A scalable architecture is an architecture that can scale up to meet increased work loads. In other words, if the work load all of a sudden exceeds the capacity of your existing software + hardware combination, you can scale up the system (software + hardware) to meet the increased work load.
When you scale up your system's hardware capacity, you want the workload it is able to handle to scale up to the same degree. If you double hardware capacity of your system, you would like your system to be able to handle double the workload too. This situation is called "linear scalability".
Linear scalability is often not the case though. Very often there is an overhead associated with scaling up, which means that when you double hardware capacity, your system can handle less than double the workload.
The extra workload your system can handle when you scale up your hardware capacity is your system's scalability factor. The scalability factor may vary depending on what part of your system you scale up.
Vertical and Horizontal Scalability
There are two primary ways to scale up a system: Vertical scaling and horizontal scaling.
Vertical scaling means that you scale up the system by deploying the software on a computer with higher capacity than the computer it is currently deployed on. The new computer may have a faster CPU, more memory, faster and larger hard disk, faster memory bus etc. than the current computer.
Horizontal scaling means that you scale up the system by adding more computers with your software deployed on. The added computers typically have about the same capacity as the current computers the system is running on, or whatever capacity you would get for the same money at the time of purchase (computers tend to get more powerful for the same money over time).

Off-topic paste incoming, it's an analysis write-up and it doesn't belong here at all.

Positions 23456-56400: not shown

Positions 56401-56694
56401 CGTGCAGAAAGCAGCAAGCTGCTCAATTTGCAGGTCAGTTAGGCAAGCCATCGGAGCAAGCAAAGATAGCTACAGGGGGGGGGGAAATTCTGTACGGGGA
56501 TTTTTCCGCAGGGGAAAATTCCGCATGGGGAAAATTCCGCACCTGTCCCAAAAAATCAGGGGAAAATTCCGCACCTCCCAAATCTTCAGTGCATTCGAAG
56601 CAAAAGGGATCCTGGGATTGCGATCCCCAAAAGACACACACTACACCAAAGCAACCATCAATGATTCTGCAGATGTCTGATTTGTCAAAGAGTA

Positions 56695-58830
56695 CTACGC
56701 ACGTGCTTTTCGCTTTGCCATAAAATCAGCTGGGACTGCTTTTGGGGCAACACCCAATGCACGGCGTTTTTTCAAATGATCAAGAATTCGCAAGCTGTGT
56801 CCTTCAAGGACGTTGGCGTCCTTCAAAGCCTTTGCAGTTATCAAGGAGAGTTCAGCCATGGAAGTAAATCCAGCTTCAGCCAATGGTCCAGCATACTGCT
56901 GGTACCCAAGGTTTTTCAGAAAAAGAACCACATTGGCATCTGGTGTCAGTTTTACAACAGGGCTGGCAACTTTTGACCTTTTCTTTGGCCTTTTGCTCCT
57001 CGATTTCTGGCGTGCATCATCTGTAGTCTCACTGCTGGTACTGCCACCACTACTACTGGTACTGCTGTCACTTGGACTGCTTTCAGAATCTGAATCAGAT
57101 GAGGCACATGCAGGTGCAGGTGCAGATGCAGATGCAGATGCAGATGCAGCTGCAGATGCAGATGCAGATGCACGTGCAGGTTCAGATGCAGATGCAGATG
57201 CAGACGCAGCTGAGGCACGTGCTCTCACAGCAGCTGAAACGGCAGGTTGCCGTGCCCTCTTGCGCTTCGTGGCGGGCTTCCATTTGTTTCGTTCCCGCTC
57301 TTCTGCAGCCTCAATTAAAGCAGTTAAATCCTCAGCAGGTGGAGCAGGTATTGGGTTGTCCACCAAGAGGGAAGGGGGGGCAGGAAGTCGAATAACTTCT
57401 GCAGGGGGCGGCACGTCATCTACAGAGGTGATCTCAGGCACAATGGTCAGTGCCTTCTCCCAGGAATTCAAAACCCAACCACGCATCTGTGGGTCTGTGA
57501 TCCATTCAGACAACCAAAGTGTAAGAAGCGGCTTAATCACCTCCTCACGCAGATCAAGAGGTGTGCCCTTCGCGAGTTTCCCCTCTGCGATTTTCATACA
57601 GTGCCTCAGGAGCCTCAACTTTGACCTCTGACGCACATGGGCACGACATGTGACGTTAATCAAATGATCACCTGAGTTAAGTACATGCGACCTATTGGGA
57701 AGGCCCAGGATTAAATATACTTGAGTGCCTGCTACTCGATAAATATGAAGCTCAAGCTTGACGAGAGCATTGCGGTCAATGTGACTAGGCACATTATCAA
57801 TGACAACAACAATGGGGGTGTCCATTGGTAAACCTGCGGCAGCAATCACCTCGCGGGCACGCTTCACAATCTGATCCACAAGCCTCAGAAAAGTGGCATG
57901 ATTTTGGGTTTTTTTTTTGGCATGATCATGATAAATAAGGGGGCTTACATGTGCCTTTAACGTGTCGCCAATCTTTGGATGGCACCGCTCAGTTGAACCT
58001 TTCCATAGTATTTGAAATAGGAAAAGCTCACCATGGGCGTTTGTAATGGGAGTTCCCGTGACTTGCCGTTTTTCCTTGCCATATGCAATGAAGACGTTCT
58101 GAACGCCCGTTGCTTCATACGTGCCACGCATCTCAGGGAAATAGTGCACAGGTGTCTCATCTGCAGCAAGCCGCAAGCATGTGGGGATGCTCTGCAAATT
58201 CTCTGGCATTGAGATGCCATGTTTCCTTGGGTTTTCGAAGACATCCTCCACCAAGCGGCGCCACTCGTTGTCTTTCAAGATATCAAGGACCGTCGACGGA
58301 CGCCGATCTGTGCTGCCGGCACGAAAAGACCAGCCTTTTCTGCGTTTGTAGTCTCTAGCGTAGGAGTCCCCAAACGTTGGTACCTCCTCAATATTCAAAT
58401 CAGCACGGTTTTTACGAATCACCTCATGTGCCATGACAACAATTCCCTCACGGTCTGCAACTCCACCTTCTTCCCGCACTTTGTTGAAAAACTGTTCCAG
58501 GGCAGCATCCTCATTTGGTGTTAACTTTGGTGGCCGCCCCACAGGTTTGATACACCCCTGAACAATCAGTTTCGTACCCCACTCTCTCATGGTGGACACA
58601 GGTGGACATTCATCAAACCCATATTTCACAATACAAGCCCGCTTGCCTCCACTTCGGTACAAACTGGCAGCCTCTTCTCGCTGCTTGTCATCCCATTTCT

Architecture Scalability Requirements
The easiest way to scale up your software from a developer perspective is vertical scalability. You just deploy on a bigger machine, and the software performs better. However, once you get past standard hardware requirements, buying faster CPUs, bigger and faster RAM modules, bigger and faster hard disks, faster and bigger motherboards etc. gets really, really expensive compared to the extra performance you get. Also, if you add more CPUs to a computer, and your software is not explicitly implemented to take advantage of them, you will not get any increased performance out of the extra CPUs.
Scaling horizontally is not as easy seen from a software developer's perspective. In order to make your software take advantage of multiple computers (or even multiple CPUs within the same computer), your software need to be able to parallelize its tasks. In fact, the better your software is at parallelizing its tasks, the better your software scales horizontally.
Parallelization of tasks can be done at several levels:
- Distributing separate tasks onto separate computers.
- Distributing separate tasks onto separate CPUs on the same computer.
- Distributing separate tasks onto separate threads on the same CPU.
You may also take advantage of special hardware the computers might have, like graphics cards with lots of CPU cores, or InfiniBand network interface cards etc.
Distributing separate tasks to separate computers is often referred to as "load balancing". Load balancing will be covered in more detail in a separate text.
Executing multiple different applications on the same computer, possible using the same CPU or using different CPUs is referred to as "multitasking". Multitasking is typically done by the operating system, so this is not something software developers need to think too much about. What you need to think about is how to break your application into smaller, independent but collaborating processes, which can also be distributed onto different CPUs or even computers if needed.
Distributing tasks inside the same application to different threads is referred to as "multithreading". I have a separate tutorial on Java Multithreading so I will not get deeper into multithreading here.
To be fully parallelizable, a task must be independent of other tasks executing in parallel with it.
To be fully distributable onto any computer, the task must contain, or be able to access, any data needed to execute the task, regardless of what computer executes the task. Exactly what that means depends on the kind of application you are developing, so I cannot get into deeper detail here.